Struggling to come to terms with the shock of a confirmed diagnosis, the first response of a mesothelioma victim and their loved ones is to find answers. The need to find out exactly how and why exposure to asbestos occurred becomes a determination to seek justice and to bring the persons responsible to account. An asbestosis claim can often begin at around £31,000 while a mesothlioma claim may start at nearly double that amount.
However, contrary to what some might presuppose, the question of mesothelioma compensation is not a prime motivation. Victims and their families are too devastated by the discovery that exposure was the result of an innocent lack of asbestos awareness to the potential health risks of breathing in the fibre dust at the time.
Determining a former employer’s liability for a level of exposure and contribution to the victim’s resulting mesothelioma or asbestosis disease forms the basis of a claim. Over the years, the rise of mesothelioma claims for “secondary”, “environmental” and “non-occupational” exposure highlight the widespread, industrial use of asbestos across Britain during most of the second half of the 20th century. From the post WW2 period of reconstruction of the early 1950s through to the first asbestos ban in the 1980s, thousands of men and women were exposed to asbestos at their workplace, at home or in their local area.
Male mesothelioma has increased by more than 11 fold
Between 1968 and 2013, more than 44,100 men lost their lives to mesothelioma. The British Medical Journal (BMJ) have reported that the number of male mesothelioma cases has steadily increased by more than 11 fold between the 1970s and 2011, and by 8 times over for female victims during the same period. The annual number of deaths resulting from mesothelioma is currently at 2,542, according to latest figures released by the Health and Safety Executive (HSE), June 2017.
Inevitably, the victims and or their family will be involved in a case which, if successful, leads to the awarding of compensation for the damage caused. Under The Employers’ Liability (Compulsory Insurance) Act 1969, employers were required to insure their liability to their employees for bodily injury or disease sustained in the course of their employment. The Act aimed to ensure that those with asbestos-related diseases can claim compensation against their employers’ liability insurance, where the employer has been negligent in exposing them to asbestos while at work.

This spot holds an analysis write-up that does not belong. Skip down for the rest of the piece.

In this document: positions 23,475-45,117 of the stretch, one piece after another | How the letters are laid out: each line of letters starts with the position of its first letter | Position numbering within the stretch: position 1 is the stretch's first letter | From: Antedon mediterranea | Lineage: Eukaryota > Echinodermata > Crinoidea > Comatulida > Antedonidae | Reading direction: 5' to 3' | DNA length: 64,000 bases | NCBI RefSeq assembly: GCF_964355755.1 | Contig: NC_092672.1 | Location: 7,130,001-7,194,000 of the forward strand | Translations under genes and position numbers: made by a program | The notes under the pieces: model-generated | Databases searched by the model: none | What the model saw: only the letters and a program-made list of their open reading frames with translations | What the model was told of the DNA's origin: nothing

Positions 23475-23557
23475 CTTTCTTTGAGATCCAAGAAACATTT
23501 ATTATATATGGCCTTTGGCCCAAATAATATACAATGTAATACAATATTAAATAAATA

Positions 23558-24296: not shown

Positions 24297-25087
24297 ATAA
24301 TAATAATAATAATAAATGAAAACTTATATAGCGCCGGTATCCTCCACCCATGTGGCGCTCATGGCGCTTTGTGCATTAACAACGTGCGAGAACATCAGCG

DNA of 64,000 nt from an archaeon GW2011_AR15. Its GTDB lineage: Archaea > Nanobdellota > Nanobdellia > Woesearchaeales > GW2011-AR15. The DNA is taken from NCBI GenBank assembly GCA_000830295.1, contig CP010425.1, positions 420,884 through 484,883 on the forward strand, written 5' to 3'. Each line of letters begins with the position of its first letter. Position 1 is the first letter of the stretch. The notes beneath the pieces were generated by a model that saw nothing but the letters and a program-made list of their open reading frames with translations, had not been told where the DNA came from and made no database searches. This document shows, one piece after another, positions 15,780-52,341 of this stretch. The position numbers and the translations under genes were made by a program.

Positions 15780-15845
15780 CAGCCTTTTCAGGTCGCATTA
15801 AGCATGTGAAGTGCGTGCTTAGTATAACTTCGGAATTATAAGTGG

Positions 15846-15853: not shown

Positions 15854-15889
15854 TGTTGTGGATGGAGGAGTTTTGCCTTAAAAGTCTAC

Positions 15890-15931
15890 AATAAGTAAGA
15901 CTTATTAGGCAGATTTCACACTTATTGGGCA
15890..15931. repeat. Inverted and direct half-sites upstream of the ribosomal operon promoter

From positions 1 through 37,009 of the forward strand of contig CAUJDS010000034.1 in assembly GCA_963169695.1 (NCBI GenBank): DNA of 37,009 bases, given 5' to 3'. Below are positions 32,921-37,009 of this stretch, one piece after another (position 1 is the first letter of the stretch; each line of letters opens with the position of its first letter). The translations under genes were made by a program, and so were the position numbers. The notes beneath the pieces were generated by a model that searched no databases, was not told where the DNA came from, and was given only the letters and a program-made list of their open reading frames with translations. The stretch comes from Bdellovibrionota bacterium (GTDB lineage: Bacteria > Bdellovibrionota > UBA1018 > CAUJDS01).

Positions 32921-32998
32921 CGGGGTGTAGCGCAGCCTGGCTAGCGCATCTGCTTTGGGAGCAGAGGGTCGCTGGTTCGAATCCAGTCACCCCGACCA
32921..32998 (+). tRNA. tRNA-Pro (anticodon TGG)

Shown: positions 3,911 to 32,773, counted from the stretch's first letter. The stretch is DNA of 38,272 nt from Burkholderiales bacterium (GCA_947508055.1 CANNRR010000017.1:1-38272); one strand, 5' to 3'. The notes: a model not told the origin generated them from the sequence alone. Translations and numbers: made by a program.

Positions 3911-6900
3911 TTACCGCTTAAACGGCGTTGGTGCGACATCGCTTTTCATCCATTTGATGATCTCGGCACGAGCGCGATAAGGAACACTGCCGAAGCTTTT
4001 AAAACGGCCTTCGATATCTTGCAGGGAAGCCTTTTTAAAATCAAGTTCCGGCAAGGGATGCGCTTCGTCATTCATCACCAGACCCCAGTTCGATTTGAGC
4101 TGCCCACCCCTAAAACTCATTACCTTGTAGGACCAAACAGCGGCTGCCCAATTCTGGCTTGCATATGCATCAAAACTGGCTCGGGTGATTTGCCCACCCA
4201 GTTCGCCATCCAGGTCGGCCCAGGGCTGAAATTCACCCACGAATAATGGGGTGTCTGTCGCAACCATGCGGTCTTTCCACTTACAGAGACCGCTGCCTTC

In many cases, policies can be interpreted strictly by the actual policy wording, which means that some victims find it difficult to claim compensation if the insurance policy was worded in a way that prevents a claim from being made. An employer defendant will also want to robustly deny the extent of their liability, or any responsibility at all. Yet negligence of a duty of care can often be shown by the absence of any protective equipment supplied to employees or safety information about the potential health risks. Nevertheless, proving negligence and/or breach of statutory duty in a civil action is always on a “case by case” basis and must first prove employer negligence.
Duty of Care and Breach of Duty
For a successful claim in negligence, three elements must generally be present:
Duty of care – which is decided by whether a defendant “owed a duty of care” to a claimant. In addition to the defendants “foreseeability” of damage, there should be sufficient and reasonable “proximity” between the parties.
Breach of that duty – an omission to do something that a reasonable person would do, or to do something which a reasonable person would not do.
Actual damage – caused as a result of the breach of the duty to take care. The damage must not be too remote a consequence of the breach of duty.
The level of damages will be affected by age, lung scarring, ability to work and effect on life expectancy, where mesothelioma, asbestos-related lung cancer or a severe asbestosis, which causes serious progressive disability leads to a premature death.
General damages and Special damages
The court can also award “general damages” for “pain, suffering and loss of amenities”, which is a sum based upon previous cases, usually between about £55,000 – £82,000, depending on the age of the claimant and duration of illness.”Special damages” can also be awarded, calculated upon each individual’s financial circumstances and may include loss of present and future income.
In January 2014, the Department of Work and Pensions (DWP) produced a study on the average payments made in civil cases of mesothelioma compensation. During the five period, the survey found that the average compensation awarded ranged from £137,000 to £153,531.
Between 2007 and 2012, awards grew on average by £17,900, but were also found to be £8,300 higher if court proceedings had been issued or £10,900 higher if the claimant was alive at the time of the settlement. Around six in ten (59 per cent) of claimants were known to be deceased at the time of the award. The highest awards were typically for those claimants aged under 65 (ave.£194,466), while the lowest awards given to those claimants aged 85 and over (ave. £95,188).
The awarding of payments is complex, based on many considerations and influenced by individual court verdicts. For most victims and their families, the aim is to simply see justice served upon those who failed in their historical duty of care.